David Blecken 28 Feb 2020 // 11:14AM GMT
With coronavirus cases rising across the globe, the accompanying sense of fear poses a serious threat to business.
Part One: Amid Misinformation, Trust Seen As Critical Factor For Coronavirus Comms Efforts
In China, where the disease originated and has had the biggest impact, 60% of companies are facing financial difficulties, according to state media, with more than 5% likely to go bankrupt. Research by the American Chamber of Commerce and Sandpiper Communications in Singapore reveals that more than 30% of chamber members surveyed see the virus greatly hurting their business in Asia-Pacific; around 40% expect their revenues for the year to be down by as much as 10%.
The survey found that most companies (45%) did not have a formal response plan in place in the event of a major disease outbreak, highlighting the challenge communications teams are currently facing. Many in the field are unlikely to have experienced a similar crisis before, and rather than being proactive, are simply trying to keep up with a constantly changing environment and “avoid making mistakes”, says Elan Shou, the Shanghai-based regional director of Ruder Finn.
The situation demands three key things of in-house PR practitioners, suggests Robert Magyar, executive director of North Head Communications in Beijing. They need to show the outside world that they are doing what they can to contain and combat the virus; communicate clearly internally and offer the necessary flexibility to help employees balance the situation with their work responsibilities; and where appropriate, convey to the public how their products and services can help people under the current circumstances.
So far, internal communications appear to have dominated the agenda. Katrina Andrews, managing partner of the Andrews Partnership, a recruiting firm specialising in PR, has held roundtables with senior communications professionals in Asia-Pacific periodically since the virus surfaced. She says external communications have “taken a back seat” and that the biggest concern is a major outbreak among staff, which has seen companies shifting support operations to other continents and scrambling either to implement remote working measures or devise infection prevention methods for retail staff.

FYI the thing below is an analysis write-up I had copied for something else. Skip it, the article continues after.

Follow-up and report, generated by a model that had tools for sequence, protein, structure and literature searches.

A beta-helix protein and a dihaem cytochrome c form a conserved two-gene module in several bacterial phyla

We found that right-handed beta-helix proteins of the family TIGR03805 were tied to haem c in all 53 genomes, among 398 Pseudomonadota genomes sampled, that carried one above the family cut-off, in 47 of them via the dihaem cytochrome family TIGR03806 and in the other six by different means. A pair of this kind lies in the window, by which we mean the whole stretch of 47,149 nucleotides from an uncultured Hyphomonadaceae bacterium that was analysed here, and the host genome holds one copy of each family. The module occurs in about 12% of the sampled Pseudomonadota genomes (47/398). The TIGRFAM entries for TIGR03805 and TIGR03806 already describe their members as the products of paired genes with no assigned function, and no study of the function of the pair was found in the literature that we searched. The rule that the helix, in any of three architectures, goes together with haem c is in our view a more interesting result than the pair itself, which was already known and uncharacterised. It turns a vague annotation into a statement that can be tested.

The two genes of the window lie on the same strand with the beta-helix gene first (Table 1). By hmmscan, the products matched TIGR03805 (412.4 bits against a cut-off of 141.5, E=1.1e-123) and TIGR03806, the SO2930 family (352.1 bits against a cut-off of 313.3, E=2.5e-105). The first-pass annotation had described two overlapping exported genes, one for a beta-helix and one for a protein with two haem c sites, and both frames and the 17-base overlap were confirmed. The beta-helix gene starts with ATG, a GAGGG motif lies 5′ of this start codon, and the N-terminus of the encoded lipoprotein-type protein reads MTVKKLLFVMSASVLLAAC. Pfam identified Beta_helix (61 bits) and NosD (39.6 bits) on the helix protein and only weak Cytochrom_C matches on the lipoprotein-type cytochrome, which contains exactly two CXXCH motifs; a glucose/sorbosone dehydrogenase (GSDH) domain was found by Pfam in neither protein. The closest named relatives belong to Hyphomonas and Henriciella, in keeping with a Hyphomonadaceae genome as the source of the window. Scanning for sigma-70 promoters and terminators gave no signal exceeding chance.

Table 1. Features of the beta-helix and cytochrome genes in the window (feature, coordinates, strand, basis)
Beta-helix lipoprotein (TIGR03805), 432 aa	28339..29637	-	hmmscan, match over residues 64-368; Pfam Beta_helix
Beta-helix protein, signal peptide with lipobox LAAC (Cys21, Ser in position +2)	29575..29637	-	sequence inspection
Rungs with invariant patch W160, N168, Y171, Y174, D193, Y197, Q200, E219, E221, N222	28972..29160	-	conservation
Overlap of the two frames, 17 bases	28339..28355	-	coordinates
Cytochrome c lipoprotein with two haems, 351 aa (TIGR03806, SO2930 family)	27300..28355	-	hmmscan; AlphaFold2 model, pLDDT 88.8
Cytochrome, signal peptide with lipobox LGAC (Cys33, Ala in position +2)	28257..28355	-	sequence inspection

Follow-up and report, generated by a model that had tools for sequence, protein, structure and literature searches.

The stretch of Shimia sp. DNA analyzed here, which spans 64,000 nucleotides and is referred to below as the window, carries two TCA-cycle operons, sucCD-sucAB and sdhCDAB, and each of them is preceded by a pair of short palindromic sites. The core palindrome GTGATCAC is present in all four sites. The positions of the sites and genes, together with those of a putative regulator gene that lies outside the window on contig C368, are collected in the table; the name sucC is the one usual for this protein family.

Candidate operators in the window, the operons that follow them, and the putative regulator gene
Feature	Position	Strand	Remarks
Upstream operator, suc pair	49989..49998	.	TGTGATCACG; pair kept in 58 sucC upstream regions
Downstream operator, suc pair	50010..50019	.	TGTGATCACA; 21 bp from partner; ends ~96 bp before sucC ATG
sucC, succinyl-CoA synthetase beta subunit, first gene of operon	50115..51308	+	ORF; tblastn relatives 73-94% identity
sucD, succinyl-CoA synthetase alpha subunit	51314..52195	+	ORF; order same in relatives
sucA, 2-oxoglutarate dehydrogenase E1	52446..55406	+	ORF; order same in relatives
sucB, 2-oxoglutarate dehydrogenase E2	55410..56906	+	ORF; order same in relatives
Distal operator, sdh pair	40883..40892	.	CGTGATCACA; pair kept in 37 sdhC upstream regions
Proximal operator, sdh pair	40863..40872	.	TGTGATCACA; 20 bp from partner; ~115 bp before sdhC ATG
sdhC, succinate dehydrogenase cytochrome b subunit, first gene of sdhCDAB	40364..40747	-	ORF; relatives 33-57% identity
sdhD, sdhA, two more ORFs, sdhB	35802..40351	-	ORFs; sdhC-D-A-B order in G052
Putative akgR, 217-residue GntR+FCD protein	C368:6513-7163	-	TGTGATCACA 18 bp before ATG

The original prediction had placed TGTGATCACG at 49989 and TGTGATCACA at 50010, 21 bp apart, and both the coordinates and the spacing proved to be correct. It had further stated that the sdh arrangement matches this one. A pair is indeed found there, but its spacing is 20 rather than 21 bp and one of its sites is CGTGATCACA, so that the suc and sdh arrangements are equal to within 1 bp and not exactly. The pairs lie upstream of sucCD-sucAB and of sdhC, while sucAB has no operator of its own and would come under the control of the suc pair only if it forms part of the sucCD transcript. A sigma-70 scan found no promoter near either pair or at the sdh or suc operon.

Speaking on PRovoke Media’s podcast this week, Tori Cowley, group chief communications officer of the Hong Kong Exchanges and Clearing Limited (HKEx), agreed that “it’s all about the internal audience at the moment”. From her perspective, it is a question of remaining “calm and considered” and being able to “balance speed with facts”.
“You cannot respond in a panicked or overly reactive way,” she said, noting that it is essential to “listen as well as tell” and “focus on what’s really important”. “Another thing we don’t talk about so often is how you can help out,” she added. “As an organisation we don’t always have a conscience for that, but I think it’s really valuable.”
Andrews says that, for those in charge of communications, a key challenge is instituting a “single source of truth” — a means of preventing the spread of rumours and confusion by centralising information internally. “Everyone we’ve spoken to has expended huge effort funnelling communications into a single channel that all staff can know is the most up-to-date source of information, whether it is email, SMS, Microsoft Teams, Yammer or another platform,” she says.
Most have opted for email as the most universally accessed channel, but one regional source at a multinational in Singapore says separately that messaging services such as WeChat have proved helpful in driving people to their emails.
A bigger issue, Andrews suggests, has been striking the right tone, which has meant a “constant recalibration process”. “This is the really impossible challenge, keeping staff up to date on all the latest measures, fulfilling that primary duty to be open and honest, and passing on life-critical information, while not bombarding staff to the extent you actually amplify the sense of crisis and create anxiety,” she says. “It means speaking with staff day after day, maintaining a real feel for what they’re going through. You’ve got to be really good at your job to do that.”
An improvement since the SARS crisis that Shou has seen is that communications teams are now working more closely with HR and operations, which reflects a wider trend in the industry irrespective of dealing with a crisis.
Magyar’s dealings with clients present a different perspective—that the top concern is not internal but the immediate loss of customers and realignment of customer preferences. FMCG giants including Coca-Cola have sought to reassure investors that the virus will not affect its performance in the long term, in spite of disruption, an issue that is likely to vex investor relations pros in the months ahead.
A senior in-house practitioner at a corporate services provider in Hong Kong who asked to remain anonymous says she sees external communications becoming more important, with clients raising questions about matters including business continuity plans, office hours and service disruption.